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Embroidered Panel (ShowTowel) by Unknown Maker

1814 (dated)
Origin: America, Southeast, North Carolina, Piedmont
OW: 30 1/2"; OL: 44 1/8"
Red and blue cotton embroidery threads on a cotton ground of 36 weft x 33 warp threads per inch (fibers identified by microscope).
Museum Purchase
Acc. No. 1999-223
This is a rectangular cotton panel embroidered in red and blue cotton threads. The cloth has a 1/4" hem at top and bottom and a 3/8" hem at sides. Centered at top is the embroidered inscription "EL Li 1814 BU." The top two thirds of towel consist of a flowering tree motif with five birds and scattered pinwheel-like motifs. The bottom section consists of flanking large birds perched on branches stemming from large eight-pointed stars. Centered in the bottom section is a leaping stag with an isolated pinwheel-like motif and a tall, slender flowering plant/tree.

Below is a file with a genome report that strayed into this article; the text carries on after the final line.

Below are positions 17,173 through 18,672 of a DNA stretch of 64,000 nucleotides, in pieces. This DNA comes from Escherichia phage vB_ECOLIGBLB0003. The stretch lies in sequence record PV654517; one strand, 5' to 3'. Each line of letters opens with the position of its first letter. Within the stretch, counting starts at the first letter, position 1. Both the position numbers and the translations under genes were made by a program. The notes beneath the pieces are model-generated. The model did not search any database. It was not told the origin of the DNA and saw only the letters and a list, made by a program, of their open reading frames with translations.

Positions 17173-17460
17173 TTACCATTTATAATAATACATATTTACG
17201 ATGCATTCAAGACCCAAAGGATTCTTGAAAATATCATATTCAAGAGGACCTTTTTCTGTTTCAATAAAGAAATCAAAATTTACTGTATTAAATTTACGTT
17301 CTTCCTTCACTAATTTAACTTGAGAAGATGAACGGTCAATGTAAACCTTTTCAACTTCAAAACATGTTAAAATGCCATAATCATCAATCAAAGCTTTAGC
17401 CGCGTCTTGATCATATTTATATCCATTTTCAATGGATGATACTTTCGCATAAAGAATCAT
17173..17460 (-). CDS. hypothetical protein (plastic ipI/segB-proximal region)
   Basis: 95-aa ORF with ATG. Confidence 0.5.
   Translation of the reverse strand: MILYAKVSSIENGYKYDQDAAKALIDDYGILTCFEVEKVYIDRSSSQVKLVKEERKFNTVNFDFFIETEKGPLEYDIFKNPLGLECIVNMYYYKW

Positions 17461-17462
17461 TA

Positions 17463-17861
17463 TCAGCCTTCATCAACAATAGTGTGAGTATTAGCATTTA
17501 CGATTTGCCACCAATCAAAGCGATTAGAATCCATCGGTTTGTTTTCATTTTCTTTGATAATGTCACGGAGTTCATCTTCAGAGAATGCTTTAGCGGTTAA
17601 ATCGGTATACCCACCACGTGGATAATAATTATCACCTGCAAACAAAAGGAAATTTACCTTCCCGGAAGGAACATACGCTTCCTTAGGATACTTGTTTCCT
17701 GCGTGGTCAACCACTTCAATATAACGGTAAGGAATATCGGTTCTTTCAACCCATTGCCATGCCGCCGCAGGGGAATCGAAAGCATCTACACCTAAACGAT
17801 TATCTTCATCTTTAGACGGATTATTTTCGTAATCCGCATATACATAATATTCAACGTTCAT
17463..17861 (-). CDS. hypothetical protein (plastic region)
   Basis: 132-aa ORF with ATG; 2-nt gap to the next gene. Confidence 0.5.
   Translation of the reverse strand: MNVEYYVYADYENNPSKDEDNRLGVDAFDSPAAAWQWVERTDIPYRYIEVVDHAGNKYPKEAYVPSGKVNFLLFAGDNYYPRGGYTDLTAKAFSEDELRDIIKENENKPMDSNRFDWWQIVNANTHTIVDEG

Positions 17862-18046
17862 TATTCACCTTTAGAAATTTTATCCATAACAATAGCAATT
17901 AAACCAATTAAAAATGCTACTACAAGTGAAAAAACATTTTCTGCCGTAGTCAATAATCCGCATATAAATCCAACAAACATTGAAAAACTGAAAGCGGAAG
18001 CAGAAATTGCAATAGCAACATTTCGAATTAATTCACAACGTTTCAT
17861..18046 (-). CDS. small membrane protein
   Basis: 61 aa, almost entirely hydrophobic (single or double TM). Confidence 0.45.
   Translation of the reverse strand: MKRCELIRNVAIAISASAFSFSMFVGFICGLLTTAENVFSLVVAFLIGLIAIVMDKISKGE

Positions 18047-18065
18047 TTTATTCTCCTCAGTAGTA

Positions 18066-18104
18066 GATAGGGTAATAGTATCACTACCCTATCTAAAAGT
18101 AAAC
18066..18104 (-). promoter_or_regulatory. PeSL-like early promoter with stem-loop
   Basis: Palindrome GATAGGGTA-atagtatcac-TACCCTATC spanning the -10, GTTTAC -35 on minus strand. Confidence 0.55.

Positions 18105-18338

Stitches: buttonhole, chain, cross, and herringbone
Label:The exact use of this embroidered panel is not known. It's highly probable, however, that it served the same function as the decorated hand towels of the Pennsylvania Germans where it was a common custom to hang them on doors or use them to cover more functional towels when guests arrived. Hand towels, also called show towels, were usually embroidered in cotton or linen cross stitches on a cotton or linen ground using motifs and patterns from samplers. Many were made by young ladies in anticipation of marriage.
Provenance:Per Sumpter Priddy in 1999: "Old time North Carolina collectors purchased this along with sampler and two dressing table covers from same house outside of Hillsborough, North Carolina 25 to 30 years ago."
Mark(s):See signature.
Inscription(s):See signature.